Donors pledge $5.4bn to rebuild Gaza at Cairo summit

Gulf donors step up to contribute to Gaza's cause

International donors have pledged more than $5bn to fund Gaza’s reconstruction during a conference in Cairo, with Qatar alone committing $1bn to the cause.

The total, which includes $212m from the US and $200m each from Kuwait and the UAE, exceeded the $4bn appealed for by the Palestinian Authority to rebuild Gaza.

The territory was badly damaged during a conflict with neighbouring Israel in July and August, in which more than 2,100 Palestinians died, most of them civilians. At least 100,000 Palestinians lost their homes in the seven-week war, and much of Gaza’s vital infrastructure was destroyed by Israeli air strikes. More than 65 Israeli soldiers were killed in the fighting, and six civilians in Israel.

Envoys from dozens of countries have attended the Cairo reconstruction meeting, which is hosted by Egypt’s President Abdul Fattah al-Sisi. Norway’s Foreign Minister Borge Brende said the conference had secured about $5.4bn in aid for Gaza, half of which would be used for rebuilding. US Secretary of State John Kerry said reconstruction must go hand-in-hand with renewed peace talks, saying anything less than a lasting deal between Israel and Palestine would be a “band-aid fix”.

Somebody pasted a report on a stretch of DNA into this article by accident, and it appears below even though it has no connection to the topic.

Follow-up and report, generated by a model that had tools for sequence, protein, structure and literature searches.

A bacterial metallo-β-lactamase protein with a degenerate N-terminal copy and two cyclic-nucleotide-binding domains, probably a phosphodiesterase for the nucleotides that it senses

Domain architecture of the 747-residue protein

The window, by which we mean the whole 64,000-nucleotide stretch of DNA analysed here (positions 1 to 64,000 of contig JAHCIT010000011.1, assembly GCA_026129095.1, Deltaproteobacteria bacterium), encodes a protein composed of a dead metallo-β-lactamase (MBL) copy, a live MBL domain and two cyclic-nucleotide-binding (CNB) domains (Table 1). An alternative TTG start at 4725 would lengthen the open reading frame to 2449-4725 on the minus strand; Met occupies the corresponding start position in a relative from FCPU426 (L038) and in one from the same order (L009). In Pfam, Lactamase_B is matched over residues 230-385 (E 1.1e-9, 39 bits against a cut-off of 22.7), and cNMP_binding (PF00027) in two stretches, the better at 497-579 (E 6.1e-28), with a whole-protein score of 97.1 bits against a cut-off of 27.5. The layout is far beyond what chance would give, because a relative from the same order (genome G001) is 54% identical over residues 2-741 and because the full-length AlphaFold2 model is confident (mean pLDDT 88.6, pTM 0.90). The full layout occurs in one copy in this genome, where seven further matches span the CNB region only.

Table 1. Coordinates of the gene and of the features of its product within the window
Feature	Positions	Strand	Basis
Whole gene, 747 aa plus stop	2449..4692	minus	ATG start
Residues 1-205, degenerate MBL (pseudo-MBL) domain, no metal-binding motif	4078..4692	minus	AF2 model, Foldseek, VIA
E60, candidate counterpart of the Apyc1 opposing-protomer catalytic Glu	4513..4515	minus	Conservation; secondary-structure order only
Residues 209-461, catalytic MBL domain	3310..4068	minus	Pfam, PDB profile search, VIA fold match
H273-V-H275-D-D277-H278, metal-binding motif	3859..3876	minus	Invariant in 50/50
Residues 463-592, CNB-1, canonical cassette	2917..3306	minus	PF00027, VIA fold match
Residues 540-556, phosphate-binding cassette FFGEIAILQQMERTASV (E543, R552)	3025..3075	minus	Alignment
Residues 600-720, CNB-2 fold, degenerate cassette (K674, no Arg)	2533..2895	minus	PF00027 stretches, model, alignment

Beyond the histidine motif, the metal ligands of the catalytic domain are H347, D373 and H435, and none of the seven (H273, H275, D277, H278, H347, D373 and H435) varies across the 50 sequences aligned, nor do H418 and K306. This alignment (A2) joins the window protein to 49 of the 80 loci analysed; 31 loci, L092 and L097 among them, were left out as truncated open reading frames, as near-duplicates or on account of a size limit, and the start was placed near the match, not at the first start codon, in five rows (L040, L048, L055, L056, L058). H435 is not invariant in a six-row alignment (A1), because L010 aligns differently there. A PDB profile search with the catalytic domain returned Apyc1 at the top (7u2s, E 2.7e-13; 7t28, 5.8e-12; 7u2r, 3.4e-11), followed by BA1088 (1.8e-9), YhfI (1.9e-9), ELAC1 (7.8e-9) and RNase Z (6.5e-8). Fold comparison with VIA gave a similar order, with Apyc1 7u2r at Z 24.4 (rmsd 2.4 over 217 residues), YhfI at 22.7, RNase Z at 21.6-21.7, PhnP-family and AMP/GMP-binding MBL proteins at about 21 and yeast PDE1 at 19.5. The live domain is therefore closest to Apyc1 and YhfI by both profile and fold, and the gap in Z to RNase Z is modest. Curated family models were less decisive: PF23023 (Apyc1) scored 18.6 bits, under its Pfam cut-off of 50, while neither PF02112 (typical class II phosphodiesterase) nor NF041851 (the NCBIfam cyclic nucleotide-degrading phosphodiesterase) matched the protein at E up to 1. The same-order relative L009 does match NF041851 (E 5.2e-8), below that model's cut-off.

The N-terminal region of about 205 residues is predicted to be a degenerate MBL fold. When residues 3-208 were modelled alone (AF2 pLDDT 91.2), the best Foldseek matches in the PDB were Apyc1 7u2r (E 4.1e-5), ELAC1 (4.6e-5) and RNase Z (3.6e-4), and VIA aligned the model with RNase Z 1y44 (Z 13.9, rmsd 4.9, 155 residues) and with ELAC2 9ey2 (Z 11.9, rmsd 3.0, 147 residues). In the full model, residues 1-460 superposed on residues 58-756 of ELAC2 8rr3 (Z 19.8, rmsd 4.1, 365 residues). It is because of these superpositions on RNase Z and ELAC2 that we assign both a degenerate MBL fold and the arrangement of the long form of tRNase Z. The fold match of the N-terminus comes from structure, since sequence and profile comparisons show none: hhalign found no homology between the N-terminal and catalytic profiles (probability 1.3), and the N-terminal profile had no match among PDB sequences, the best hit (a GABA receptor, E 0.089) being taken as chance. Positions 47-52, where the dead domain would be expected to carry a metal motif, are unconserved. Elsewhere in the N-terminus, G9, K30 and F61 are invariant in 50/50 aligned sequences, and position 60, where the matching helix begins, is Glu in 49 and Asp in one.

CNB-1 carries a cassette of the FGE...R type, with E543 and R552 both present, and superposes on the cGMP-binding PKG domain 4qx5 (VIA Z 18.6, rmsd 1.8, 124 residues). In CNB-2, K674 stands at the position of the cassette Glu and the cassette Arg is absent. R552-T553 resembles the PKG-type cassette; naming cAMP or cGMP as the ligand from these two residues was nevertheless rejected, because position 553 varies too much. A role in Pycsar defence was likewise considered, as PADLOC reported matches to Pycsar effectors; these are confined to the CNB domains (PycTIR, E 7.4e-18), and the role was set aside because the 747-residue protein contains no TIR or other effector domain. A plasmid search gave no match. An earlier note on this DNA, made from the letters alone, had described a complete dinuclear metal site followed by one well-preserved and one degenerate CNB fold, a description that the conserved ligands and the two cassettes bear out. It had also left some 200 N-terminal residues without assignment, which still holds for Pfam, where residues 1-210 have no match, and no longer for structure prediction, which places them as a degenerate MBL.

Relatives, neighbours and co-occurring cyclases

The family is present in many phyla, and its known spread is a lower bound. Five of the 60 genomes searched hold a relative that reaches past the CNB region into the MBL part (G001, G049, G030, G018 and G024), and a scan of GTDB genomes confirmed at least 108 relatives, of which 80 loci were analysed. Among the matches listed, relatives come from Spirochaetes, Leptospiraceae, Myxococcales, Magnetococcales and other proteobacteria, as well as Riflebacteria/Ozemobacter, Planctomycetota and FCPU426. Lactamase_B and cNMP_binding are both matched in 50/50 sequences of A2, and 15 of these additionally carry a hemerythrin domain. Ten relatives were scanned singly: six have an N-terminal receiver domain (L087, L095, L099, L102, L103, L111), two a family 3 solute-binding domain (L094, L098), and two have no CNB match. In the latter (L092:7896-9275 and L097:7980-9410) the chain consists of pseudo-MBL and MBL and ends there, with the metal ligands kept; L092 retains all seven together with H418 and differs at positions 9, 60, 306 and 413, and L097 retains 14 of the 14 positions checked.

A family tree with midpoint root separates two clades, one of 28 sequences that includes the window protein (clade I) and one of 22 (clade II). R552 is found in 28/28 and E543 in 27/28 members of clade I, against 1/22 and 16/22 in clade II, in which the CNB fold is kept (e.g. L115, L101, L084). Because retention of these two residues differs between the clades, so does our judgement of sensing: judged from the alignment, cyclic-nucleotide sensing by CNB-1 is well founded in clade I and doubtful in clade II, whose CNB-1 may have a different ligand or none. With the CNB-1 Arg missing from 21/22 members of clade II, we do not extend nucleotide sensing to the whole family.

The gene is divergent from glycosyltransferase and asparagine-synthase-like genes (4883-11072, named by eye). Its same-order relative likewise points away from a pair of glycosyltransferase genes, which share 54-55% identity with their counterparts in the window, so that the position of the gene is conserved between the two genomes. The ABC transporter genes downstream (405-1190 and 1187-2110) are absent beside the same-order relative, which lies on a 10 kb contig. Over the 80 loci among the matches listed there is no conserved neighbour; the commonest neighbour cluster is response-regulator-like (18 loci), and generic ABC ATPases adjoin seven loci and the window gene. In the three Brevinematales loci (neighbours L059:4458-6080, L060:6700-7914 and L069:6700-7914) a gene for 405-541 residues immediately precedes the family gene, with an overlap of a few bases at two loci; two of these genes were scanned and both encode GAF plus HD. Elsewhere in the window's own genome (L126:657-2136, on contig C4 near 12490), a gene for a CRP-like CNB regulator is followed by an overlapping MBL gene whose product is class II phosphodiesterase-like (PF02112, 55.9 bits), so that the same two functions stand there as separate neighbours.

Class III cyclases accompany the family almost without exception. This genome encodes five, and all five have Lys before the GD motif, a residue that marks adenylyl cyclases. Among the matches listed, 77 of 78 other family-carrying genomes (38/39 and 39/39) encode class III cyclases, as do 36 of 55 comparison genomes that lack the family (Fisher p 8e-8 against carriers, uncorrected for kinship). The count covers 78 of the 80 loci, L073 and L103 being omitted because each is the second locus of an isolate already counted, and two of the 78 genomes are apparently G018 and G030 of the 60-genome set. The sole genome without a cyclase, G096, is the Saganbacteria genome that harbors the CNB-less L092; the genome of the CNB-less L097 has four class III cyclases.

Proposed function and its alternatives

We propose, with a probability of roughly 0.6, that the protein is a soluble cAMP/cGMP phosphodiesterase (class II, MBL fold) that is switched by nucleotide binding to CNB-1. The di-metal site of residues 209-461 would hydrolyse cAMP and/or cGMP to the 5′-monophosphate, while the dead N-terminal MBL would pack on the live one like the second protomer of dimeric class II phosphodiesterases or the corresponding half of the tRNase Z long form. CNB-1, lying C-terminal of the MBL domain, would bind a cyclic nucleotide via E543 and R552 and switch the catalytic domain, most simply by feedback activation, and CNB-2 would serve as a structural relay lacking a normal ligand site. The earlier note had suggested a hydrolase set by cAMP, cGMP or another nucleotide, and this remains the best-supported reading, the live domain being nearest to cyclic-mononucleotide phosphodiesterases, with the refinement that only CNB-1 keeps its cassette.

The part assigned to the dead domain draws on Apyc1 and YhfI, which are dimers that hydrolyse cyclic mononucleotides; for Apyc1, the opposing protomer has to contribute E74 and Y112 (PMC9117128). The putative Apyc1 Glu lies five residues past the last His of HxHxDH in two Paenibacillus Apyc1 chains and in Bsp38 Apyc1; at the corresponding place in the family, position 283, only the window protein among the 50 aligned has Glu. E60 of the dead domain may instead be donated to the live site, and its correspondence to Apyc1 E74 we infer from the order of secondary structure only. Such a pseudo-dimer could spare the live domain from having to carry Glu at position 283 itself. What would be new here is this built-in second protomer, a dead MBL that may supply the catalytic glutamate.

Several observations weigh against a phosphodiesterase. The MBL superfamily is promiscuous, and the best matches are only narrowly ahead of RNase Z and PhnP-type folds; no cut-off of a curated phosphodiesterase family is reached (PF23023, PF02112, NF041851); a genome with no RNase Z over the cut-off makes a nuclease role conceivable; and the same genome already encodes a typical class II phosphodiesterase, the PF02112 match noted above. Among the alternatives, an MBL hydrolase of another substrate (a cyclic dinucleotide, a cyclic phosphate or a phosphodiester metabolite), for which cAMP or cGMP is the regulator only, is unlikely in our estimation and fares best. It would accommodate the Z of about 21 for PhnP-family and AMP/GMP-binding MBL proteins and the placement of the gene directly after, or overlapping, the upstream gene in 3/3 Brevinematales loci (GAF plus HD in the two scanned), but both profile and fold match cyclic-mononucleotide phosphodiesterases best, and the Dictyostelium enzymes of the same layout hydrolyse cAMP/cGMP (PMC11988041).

“Out of this conference must come not just money but a renewed commitment from everybody to work for peace that meets the aspirations of all, for Israelis, for Palestinians, for all people of this region,” Kerry told the meeting. “And I promise you the full commitment of president Obama, myself and the United States to try to do that.”

The British ambassador to Egypt, John Casson, was quoted by Reuters as saying Britain would provide $32m for reconstruction.

The two sides have fought three wars in six years. The last round of US-brokered peace talks, presided over by Kerry, floundered in April. A spokesperson for the UN agency for Palestinian Refugees, UNRWA, told Philanthropy Age last week that Gaza was in the grip of a humanitarian crisis.

Some 50,000 Gazans are living in shelters, and close to half a million are displaced, according to Christopher Gunness, spokesperson and director of Advocacy and Strategic Communications at the UNRWA.

The agency requires $680m to build 1,400 homes in Gaza in two years to accommodate the homeless, but fears the Israeli-imposted land, air and sea blockade will hamper reconstruction efforts.

“The blockade must be lifted and fundamental freedoms restored to Gaza. Without that, I fear a return to the shockingly familiar pattern of blockade, rockets and massive destruction,” said Gunness.